The judge relied extensively on the distinction between (i) the duty of full and frank disclosure which, if not adhered to, will constitute a breach of duty, and (ii) incorrect submissions or arguments, which are neither material misrepresentations nor non-disclosure. The judge found (at para [93]) that that the trustees’ conduct fell on the right side of the line, but summarised his criticisms in the way the case had been presented at paras [95]–[96].

Although those criticisms supported setting aside the orders, the judge decided (at para [97]) that the remedy was inappropriate because:

  • even if the case had been presented properly, it would have still given rise to a basis for an order under IA 1986, s 365 
  • assets and documents seized which form part of the bankruptcy estate and/or should be delivered up to the trustees under a bankrupt’s statutory duty should be retained in accordance with the statutory rights of the trustees to keep them, and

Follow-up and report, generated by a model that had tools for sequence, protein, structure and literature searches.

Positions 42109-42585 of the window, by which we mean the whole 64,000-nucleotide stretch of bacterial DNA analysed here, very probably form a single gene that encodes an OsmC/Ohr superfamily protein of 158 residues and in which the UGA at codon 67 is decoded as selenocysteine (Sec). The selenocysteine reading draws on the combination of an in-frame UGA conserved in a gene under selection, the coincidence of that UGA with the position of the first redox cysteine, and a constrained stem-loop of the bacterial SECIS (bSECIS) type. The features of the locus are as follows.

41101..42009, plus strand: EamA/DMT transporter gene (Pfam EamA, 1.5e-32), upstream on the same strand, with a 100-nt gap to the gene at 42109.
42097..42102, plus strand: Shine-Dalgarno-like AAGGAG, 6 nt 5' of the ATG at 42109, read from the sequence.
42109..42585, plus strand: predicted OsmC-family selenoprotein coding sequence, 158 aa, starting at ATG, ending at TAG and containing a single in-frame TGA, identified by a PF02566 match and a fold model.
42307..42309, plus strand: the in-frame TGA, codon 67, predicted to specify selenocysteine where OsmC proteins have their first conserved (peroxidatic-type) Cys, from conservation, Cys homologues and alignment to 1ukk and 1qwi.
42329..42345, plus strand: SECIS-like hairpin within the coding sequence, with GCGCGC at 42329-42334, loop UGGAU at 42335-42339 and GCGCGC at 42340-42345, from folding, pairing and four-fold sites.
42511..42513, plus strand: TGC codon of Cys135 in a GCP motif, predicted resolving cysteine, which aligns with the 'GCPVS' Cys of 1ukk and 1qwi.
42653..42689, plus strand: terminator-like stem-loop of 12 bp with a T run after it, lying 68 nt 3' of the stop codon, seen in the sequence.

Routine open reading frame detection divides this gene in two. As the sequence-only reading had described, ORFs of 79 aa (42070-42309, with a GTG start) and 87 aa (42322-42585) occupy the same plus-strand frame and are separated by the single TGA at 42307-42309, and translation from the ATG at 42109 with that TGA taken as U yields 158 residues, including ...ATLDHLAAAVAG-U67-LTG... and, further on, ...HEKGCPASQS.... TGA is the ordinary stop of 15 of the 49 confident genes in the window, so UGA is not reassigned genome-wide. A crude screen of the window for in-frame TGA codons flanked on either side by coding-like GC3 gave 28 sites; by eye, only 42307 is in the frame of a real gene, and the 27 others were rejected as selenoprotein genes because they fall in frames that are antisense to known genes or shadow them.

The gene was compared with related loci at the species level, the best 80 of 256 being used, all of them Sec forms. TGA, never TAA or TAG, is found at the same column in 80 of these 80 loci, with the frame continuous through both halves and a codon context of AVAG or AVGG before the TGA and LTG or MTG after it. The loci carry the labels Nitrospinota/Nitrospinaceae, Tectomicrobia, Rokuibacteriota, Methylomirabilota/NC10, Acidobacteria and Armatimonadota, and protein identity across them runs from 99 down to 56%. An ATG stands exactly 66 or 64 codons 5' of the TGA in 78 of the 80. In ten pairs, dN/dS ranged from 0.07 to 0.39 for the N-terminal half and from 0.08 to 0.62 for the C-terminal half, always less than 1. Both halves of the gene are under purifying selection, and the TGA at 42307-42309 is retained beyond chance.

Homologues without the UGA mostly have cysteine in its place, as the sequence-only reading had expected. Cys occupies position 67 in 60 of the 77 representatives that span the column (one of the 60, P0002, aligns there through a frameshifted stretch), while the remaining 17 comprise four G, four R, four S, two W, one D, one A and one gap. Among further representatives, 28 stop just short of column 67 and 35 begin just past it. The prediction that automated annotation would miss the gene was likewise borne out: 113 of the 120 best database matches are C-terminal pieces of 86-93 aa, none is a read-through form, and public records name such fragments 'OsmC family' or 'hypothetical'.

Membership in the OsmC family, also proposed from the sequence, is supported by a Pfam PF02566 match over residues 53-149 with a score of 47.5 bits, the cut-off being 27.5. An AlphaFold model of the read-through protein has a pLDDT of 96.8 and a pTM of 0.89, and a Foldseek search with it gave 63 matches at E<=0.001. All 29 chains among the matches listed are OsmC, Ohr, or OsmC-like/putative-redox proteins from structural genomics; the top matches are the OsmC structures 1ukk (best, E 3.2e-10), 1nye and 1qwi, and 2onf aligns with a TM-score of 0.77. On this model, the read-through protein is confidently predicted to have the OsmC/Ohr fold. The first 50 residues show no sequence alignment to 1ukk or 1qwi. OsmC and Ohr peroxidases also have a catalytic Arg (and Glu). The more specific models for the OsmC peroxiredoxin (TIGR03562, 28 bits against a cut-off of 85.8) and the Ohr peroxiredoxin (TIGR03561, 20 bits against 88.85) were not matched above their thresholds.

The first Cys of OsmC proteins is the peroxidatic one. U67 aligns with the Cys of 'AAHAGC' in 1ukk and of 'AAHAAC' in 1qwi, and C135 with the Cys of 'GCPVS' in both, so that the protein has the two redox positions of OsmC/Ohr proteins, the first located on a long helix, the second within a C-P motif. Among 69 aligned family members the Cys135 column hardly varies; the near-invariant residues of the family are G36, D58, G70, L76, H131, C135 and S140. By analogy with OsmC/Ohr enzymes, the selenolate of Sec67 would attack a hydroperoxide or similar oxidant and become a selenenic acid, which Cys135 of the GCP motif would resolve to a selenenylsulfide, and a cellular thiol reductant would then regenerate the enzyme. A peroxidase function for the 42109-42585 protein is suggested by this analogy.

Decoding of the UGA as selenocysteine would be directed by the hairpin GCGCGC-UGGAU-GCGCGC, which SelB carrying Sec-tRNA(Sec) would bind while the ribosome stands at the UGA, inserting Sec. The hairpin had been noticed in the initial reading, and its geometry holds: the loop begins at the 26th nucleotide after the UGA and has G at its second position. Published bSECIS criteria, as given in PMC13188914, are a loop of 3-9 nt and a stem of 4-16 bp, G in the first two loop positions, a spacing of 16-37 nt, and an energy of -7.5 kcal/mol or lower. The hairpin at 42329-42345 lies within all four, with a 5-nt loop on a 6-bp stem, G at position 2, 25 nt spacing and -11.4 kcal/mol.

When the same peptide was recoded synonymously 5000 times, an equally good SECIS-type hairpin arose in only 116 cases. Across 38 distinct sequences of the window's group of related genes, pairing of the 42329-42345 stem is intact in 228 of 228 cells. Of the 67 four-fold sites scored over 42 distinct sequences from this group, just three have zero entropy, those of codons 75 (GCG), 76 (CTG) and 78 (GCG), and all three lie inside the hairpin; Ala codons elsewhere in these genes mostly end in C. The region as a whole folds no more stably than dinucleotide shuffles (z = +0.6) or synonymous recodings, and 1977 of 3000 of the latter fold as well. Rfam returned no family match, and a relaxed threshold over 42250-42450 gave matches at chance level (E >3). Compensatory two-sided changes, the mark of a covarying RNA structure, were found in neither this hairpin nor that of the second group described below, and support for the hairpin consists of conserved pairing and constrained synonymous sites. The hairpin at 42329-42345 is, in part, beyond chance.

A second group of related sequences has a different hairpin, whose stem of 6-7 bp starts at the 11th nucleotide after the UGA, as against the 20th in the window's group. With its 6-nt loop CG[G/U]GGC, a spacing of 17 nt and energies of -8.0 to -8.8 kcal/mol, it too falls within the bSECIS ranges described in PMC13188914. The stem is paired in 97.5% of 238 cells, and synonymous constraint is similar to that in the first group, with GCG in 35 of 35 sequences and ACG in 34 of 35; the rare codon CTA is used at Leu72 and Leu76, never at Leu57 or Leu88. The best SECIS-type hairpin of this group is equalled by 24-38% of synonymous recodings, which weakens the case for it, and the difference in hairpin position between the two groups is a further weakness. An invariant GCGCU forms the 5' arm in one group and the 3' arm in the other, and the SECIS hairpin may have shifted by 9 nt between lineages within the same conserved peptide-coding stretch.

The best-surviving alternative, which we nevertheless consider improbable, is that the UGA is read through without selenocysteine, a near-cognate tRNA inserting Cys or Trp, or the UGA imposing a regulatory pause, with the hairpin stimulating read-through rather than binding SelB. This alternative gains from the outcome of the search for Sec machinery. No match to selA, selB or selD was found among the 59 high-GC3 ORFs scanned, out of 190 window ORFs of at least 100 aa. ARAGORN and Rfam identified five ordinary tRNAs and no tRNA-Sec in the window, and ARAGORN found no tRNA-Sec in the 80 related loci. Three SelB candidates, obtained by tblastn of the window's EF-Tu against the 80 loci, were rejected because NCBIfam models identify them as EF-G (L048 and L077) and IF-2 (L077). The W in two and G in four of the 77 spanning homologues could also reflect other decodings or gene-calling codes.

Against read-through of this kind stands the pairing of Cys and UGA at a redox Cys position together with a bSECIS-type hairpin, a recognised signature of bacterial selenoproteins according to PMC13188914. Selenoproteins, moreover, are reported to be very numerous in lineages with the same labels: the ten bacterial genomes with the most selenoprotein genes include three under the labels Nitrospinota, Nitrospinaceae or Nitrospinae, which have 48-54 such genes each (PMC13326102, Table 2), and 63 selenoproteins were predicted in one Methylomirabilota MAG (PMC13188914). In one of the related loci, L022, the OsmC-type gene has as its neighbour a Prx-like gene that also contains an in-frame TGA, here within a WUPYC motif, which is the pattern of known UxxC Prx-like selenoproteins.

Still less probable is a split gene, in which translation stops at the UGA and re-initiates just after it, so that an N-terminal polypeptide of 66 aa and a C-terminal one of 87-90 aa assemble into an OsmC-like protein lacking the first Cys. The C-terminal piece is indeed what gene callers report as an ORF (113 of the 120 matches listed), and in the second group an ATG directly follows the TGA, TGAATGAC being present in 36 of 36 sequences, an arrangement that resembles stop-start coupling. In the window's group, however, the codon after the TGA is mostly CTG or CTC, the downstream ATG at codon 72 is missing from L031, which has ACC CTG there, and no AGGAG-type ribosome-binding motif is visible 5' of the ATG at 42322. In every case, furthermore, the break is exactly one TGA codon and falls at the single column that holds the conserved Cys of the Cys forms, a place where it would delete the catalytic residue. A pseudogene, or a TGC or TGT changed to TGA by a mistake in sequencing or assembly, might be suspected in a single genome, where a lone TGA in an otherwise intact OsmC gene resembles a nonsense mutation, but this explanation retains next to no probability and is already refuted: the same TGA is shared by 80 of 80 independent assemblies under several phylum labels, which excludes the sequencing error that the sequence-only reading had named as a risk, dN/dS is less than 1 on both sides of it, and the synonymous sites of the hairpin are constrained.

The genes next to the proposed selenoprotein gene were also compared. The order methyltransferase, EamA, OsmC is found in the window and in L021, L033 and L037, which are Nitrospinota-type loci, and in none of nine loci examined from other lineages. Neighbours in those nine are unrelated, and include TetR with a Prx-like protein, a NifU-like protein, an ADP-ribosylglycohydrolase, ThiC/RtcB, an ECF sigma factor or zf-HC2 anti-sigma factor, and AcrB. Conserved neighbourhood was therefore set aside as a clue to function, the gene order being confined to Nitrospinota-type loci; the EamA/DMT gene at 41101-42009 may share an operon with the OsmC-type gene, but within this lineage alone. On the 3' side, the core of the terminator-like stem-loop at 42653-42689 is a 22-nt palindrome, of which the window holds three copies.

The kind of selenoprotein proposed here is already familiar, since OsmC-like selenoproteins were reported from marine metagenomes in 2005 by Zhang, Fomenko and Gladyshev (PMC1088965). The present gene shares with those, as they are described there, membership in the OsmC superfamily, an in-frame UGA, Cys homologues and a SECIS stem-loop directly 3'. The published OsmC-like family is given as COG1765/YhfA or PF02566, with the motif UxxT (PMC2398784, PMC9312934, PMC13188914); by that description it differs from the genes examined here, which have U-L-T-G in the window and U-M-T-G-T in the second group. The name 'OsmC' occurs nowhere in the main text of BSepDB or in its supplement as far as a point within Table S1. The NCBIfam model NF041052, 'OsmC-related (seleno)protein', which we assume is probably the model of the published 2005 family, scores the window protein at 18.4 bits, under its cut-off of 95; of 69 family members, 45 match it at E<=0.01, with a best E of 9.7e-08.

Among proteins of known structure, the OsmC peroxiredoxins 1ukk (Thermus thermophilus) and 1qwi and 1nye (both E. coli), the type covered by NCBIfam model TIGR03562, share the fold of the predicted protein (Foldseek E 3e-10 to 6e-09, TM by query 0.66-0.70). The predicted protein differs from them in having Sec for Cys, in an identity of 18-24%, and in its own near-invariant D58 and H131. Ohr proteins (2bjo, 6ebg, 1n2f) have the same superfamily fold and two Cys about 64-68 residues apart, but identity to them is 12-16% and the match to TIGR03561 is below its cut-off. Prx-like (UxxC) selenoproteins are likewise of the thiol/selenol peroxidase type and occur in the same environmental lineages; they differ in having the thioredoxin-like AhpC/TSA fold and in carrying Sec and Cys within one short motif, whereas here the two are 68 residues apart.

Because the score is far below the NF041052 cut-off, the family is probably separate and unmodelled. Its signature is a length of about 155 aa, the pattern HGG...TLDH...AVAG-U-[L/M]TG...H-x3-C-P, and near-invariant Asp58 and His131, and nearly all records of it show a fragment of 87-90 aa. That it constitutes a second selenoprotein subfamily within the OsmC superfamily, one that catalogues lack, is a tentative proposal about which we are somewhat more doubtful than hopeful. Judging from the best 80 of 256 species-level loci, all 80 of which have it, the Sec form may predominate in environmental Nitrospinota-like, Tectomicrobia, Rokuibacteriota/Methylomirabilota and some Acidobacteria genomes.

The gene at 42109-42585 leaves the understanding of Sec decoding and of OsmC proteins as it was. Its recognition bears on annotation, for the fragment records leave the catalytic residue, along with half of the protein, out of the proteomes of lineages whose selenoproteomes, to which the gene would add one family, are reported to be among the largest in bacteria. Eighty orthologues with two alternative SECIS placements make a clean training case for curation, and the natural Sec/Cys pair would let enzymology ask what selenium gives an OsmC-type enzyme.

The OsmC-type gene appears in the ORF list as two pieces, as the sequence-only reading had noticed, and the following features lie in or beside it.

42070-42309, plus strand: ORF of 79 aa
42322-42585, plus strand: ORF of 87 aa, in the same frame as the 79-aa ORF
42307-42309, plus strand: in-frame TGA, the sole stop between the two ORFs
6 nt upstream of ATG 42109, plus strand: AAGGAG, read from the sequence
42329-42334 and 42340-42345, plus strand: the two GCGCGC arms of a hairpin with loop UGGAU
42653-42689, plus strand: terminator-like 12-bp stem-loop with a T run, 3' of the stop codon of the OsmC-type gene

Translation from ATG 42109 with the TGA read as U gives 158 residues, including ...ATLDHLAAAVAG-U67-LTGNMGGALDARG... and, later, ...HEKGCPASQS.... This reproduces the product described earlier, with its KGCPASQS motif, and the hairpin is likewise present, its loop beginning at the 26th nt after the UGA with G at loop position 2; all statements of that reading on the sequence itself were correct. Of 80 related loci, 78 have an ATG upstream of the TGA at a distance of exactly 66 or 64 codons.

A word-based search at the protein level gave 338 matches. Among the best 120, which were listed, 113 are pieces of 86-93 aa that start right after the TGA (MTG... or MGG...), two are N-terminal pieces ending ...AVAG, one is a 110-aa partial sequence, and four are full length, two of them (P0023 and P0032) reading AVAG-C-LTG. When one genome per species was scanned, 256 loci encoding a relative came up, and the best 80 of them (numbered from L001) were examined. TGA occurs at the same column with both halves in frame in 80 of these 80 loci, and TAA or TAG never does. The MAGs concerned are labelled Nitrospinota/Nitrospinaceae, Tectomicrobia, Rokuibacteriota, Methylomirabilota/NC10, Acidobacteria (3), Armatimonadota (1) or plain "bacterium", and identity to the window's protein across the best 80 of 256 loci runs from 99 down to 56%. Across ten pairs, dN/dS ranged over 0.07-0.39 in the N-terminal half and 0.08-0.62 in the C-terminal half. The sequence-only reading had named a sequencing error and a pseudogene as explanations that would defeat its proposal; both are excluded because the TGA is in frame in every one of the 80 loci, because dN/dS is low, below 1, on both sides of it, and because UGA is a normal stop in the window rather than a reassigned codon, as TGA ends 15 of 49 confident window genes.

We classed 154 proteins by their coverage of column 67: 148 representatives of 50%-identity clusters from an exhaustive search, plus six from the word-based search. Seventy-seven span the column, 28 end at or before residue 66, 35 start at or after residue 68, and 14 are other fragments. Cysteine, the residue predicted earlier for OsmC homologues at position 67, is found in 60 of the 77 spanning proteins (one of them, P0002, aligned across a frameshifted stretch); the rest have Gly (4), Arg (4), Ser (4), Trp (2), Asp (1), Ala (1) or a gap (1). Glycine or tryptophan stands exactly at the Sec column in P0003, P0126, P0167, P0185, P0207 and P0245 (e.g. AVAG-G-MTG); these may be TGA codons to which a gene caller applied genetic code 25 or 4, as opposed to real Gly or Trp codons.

• the orders had been executed

The solution arrived at by the judge (at para [105]) was to vary the orders to apply to what had already been seized, without discharging the original orders.

It appears that there may have been negative costs consequences for the trustees (at paras [104] and [121(i)]). However, the effects of that decision would appear to be minimal, given Ms Lasytsya appeared in person.

Case details

  • Court: High Court of Justice, Business and Property Courts, Insolvency and Companies List
  • Judge: Insolvency and Companies Court Judge Jones
  • Date of judgment: 19 March 2020


Samuel Parsons is a barrister at Guildhall Chambers. If you have any questions about membership of LexisPSL’s Case Analysis Expert Panels, please contact caseanalysis@lexisnexis.co.uk.

 

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About the author:

Zahra started working as a paralegal at LexisNexis in the Lexis®PSL Banking & Finance and Restructuring & Insolvency teams in April 2019 and moved to the Corporate team in June 2020, where she currently works as a Market Tracker Analyst. Zahra graduated with 2.1 honours in BA French and Spanish and completed the GDL at BPP University. She has undertaken voluntary work for law firms in London, Argentina and Colombia.